David Johnson
Music and Society in Lowland Scotland in the Eighteenth Century
Oxford University Press, 1972
pp. 24-25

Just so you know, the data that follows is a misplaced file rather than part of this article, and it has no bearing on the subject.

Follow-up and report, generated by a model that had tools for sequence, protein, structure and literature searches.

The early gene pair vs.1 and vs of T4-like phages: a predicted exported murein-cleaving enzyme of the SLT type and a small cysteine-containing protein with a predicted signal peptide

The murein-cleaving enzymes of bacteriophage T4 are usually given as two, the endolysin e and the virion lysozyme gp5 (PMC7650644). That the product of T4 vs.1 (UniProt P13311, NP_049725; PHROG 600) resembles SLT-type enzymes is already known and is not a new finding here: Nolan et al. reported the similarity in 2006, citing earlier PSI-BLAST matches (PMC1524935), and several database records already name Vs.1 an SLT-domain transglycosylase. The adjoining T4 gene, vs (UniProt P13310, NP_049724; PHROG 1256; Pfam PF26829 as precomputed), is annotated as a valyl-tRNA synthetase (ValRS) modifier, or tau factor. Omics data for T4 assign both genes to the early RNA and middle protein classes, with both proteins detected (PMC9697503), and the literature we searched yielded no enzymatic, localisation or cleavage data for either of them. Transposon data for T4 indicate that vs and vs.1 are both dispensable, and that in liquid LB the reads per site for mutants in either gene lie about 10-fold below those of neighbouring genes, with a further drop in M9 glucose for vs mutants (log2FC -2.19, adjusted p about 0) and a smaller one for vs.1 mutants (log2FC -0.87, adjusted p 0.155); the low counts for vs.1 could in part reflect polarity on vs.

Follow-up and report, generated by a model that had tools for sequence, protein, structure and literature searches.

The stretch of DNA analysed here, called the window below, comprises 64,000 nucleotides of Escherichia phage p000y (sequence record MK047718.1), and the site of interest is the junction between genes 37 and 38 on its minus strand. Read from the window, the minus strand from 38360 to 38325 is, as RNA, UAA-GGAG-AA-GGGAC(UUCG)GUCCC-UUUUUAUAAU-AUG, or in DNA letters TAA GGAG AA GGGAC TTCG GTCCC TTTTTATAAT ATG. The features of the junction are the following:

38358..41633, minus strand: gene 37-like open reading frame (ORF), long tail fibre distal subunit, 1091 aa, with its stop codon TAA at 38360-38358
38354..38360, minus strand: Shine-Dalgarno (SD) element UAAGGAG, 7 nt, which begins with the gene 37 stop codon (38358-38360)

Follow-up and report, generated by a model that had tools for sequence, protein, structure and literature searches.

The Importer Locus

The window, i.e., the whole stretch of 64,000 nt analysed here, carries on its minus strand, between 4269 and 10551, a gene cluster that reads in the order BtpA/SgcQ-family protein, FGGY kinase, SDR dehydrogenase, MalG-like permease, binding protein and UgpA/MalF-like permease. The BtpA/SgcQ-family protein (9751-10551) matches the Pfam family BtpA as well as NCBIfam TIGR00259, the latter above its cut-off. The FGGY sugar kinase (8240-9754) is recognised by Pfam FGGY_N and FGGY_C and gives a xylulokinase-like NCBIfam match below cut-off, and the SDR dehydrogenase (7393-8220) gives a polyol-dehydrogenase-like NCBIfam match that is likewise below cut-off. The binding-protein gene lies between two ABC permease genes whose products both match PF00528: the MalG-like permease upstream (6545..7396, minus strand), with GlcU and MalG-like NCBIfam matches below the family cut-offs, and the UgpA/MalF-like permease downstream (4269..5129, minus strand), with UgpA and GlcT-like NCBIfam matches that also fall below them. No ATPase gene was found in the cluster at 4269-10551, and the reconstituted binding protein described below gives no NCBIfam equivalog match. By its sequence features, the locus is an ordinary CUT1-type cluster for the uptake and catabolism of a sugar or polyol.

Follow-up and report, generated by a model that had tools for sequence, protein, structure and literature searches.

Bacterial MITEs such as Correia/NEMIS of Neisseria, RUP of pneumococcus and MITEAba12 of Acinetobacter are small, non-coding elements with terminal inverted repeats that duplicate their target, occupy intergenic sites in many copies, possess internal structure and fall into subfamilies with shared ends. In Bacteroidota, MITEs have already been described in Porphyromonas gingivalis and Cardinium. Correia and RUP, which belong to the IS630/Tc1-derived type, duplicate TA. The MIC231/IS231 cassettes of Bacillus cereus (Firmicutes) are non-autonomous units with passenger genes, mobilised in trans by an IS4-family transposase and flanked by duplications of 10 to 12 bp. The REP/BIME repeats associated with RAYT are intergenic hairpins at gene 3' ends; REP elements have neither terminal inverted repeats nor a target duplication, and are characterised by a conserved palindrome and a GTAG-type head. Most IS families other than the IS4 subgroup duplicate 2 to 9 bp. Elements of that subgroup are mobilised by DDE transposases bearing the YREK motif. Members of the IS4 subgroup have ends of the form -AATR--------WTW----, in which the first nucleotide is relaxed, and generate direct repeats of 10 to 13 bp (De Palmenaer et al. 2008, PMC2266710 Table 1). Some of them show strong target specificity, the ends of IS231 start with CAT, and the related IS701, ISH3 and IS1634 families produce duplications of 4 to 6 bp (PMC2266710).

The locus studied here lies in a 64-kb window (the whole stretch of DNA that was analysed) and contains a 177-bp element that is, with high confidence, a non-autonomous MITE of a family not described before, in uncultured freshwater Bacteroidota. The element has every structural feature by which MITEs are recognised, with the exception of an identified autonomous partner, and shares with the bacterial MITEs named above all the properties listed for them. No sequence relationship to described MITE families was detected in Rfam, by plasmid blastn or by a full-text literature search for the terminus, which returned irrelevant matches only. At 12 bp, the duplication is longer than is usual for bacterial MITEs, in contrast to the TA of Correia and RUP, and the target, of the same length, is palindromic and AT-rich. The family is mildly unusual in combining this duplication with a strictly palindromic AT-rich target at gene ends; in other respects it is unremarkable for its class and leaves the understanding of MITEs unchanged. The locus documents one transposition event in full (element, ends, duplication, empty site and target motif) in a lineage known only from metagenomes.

Events leading up to the Union of 1707, when Scotland lost her Parliament (contrary to the wishes of the majority of the people), coincided with an upsurge of national feeling that was to have not only political repercussions in the ill-fated risings of 1715 and 1745 but also more positive artistic results in a whole series of important collections of poetry and music from Scotland's past. Watson's Choice Collection) and even earlier pieces. It was to prove enormously influential on the poets and song-writers of the eighteenth century, not least Robert Burns. Allan Ramsey, however, took up the idea and produced a similar collection in his Evergreen (1724), and included more of his his work in pastoral vein in the Tea-Table Miscellany (1724-37). In 1726 Alexander Stuart published his Music for Allan Ramsay's Collection of Scots Songs, since only directions to tune-titles had appeared in Ramsay's publication. These are all native airs, many recognisable from the seventeenth-century anthologies, but the collection is unsatisfactory in having no texts, and the instrumental basses to the tunes are very feeble indeed. A much more interesting and impressive collection is Orpheus Caledonius, which first appeared in 1725 as a set of fifty songs with somewhat heavily decorated melodies and rather awkward basses, then in 1733 with twice the number of songs in two volumes, slightly simplified versions of the earlier melodies and much improved basses. The basic forms of the melodies must have been those favoured by the editor William Thomson, a well-known singer of Scots songs who published both his editions in London. Whether or not he was entirely responsible for the basses is another matter. If he got professional help with them it is regrettable that he made no acknowledgement of the fact—but perhaps not uncharacteristic, for he never mentioned Ramsay as the source of his texts; if he merely acquired some lessons in composition, he certainly would seem to have made excellent progress in bass-making between 1725 and 1733, and I do not see why we need not give him the credit for the songs as a whole.